Chipping away on my pile of pet column articles in my daily Palm Beach Post today I would like to address some advice given by Dr. Michael Fox and others I followed in the paper. Today let’s get started with how to fight diseases like Cushing’s disease and, since it came up in this particular incident, diabetes. Let’s dive right into it:
This reader’s dog, a 9 year old Manchester Terrier recently was diagnosed with Cushing’s Syndrome. This woman reports that her vet initially diagnosed the dog with having diabetes. It was only later, when on one day she visited her daughter and went to her daughter’s vet to follow up with the dog’s insulin dosages that another opinion alerted her to the fact that the dog was actually suffering not from diabetes but from Cushing’s. That vet started the dog out on Anipryl and in less than a month all the symptoms such as excessive appetite, potbelly, heavy panting and listlessness disappeared. Apparently following her vets’ advice she continues to give insulin as well as the first vet will not admit that he possibly came up with a wrong diagnosis and insists that the dog has diabetes. The second vet agrees by saying that could be part of the Cushing’s. Further blood tests revealed a significant drop of alkaline phosphatase (from 1183 down to 596). After a few months of treatment that level rose back up to 780. An increased Anipryl dosage to 20 mg finally got it back up to 1100. However now the owner is concerned about overdosing. She also is confused by the vet’s statement , who says one has to go by the disease symptoms and not by the blood chemistry.
This once again is a typical example how some vets make a pet owner’s life difficult by confusing them instead of explaining in simple terms what the problem is and how it will be treated. This poor woman now even has it worst by being caught between 2 vets at the same time. Maybe she should just go, look a third time and hopefully end up finally finding one reliable one. Instead, the woman decided to write to Dr. Michael Fox, D.V.M., let’s see what he has to say:
“Diabetes, hyper- or hypothyroidism and hyper-adrenalism (Cushing’s disease) are all too common endocrine diseases.”
Got that? I have to be honest, I only did because I am dealing with all of this on a more regular basis than Joe, no, not the plumber, but the average pet owner. We just cannot assume everybody knows what diabetes is about. So here we go, a little search on the Internet had me end up at the website of the American Veterinary Medical Association (AVMA) from where I got directed to “Pet Diabetes Month” website. Kind of providing a quick crash course on the subject matter, according to these guys:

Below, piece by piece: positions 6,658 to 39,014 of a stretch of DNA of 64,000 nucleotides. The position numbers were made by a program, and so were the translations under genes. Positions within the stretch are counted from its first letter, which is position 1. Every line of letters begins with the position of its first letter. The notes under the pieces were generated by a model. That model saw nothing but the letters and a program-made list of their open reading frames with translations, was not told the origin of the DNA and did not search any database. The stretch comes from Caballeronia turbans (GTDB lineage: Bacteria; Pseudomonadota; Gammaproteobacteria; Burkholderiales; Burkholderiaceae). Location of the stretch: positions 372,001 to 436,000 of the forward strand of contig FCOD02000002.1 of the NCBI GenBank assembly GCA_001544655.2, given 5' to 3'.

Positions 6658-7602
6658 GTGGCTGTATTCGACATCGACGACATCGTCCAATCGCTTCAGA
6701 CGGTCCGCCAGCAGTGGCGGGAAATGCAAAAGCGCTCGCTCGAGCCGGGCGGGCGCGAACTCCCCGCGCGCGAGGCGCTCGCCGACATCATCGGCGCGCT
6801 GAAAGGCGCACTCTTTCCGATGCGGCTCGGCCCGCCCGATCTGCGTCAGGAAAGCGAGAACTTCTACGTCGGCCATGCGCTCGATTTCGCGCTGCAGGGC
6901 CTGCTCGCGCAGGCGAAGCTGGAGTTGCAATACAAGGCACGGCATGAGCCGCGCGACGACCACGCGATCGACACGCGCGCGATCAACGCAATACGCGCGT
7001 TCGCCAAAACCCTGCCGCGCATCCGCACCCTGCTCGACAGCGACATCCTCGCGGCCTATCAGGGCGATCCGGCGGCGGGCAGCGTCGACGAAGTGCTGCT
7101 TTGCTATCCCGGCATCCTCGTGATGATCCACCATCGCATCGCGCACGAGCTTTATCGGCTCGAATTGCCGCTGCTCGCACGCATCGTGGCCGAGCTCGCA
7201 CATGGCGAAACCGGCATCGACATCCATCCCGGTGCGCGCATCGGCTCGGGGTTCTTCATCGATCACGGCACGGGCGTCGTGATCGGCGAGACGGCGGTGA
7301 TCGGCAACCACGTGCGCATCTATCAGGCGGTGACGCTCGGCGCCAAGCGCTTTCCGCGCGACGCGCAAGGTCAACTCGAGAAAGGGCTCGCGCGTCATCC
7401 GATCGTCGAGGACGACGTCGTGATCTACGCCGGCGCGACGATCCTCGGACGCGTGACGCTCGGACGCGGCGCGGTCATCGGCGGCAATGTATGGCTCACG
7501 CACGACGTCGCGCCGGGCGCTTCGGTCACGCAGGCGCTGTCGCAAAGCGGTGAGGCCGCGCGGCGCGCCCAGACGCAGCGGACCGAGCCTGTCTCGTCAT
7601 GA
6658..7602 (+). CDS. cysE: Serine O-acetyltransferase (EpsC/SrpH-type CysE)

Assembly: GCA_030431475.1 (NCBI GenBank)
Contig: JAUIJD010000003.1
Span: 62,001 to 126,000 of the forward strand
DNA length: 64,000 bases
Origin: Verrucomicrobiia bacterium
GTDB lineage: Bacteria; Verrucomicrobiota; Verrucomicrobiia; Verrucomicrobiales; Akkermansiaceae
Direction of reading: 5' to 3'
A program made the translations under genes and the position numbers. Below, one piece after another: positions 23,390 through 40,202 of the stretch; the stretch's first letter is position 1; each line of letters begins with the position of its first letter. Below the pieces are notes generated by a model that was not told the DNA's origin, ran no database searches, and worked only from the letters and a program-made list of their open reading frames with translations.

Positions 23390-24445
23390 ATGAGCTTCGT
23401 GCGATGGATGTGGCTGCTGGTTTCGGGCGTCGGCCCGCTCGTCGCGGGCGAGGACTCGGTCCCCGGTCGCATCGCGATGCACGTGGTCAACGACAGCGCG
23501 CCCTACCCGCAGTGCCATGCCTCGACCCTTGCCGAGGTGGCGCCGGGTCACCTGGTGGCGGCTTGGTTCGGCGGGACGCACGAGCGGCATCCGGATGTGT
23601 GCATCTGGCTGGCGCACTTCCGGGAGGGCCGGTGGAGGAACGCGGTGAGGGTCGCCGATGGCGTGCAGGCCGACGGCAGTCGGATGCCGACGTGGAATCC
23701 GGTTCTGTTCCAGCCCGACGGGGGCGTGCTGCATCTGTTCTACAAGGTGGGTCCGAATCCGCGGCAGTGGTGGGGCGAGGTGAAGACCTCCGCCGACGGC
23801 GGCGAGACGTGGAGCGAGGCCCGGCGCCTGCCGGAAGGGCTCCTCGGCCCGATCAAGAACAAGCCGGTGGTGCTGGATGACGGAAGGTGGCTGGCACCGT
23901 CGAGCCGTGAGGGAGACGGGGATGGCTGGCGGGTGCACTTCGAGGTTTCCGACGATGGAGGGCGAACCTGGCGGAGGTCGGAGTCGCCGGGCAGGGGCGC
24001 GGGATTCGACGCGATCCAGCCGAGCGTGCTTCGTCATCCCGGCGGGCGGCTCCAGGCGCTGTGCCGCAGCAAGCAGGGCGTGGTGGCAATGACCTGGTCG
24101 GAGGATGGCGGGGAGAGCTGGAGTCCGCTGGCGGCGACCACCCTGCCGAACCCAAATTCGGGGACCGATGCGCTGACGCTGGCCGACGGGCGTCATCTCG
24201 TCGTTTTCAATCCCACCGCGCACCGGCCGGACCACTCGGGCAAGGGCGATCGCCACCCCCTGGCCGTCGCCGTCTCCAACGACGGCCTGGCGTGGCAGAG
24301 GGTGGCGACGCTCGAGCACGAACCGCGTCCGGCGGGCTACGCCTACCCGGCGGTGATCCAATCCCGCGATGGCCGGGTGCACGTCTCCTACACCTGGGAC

“Diabetes mellitus, the clinical name for “sugar diabetes,” is a disease that affects the level of glucose (a simple sugar that is the major source of energy for many organisms) in your dog’s blood. Diabetes results when the dog’s body makes too little insulin (a hormone secreted by the pancreas that helps cells absorb glucose from the bloodstream) or doesn’t process insulin properly. Insulin affects how your dog’s body uses food. When your dog eats, food is broken down into very small components its body can use. One component, carbohydrate, is converted into several types of simple sugars, including glucose. Glucose is absorbed from the intestines into the blood, then travels to cells throughout the body. Inside cells, insulin helps turn glucose into fuel. If there’s too little insulin available, glucose can’t enter cells and can build up to poisonous levels in the bloodstream. As a result, a diabetic dog may want to eat constantly, but will be malnourished because its cells can’t absorb glucose.
Canine diabetes is quite common, about one dog in 500 develops diabetes and that number is increasing.
Any dog could develop diabetes, but certain breeds are more likely to develop the condition. These breeds appear to be at greater risk for developing canine diabetes: Cocker spaniels, Dachshunds, Doberman pinschers, German shepherds, Golden retrievers, Labrador retrievers, Pomeranians, Terriers and Toy poodles. Diabetes typically occurs when dogs are between 4 to 14 years old. Unspayed female dogs are twice as likely as males to suffer from diabetes.
Explanation of some common terms pet owners are likely to encounter: Polyuria is the production of large amounts of urine in a given period, such as per day. Polydipsia is the medical term for excessive thirst, usually noticed when a pet seems to be drinking excessive amounts of water. Polyphagia refers to eating more food than usual per day or eating more frequently.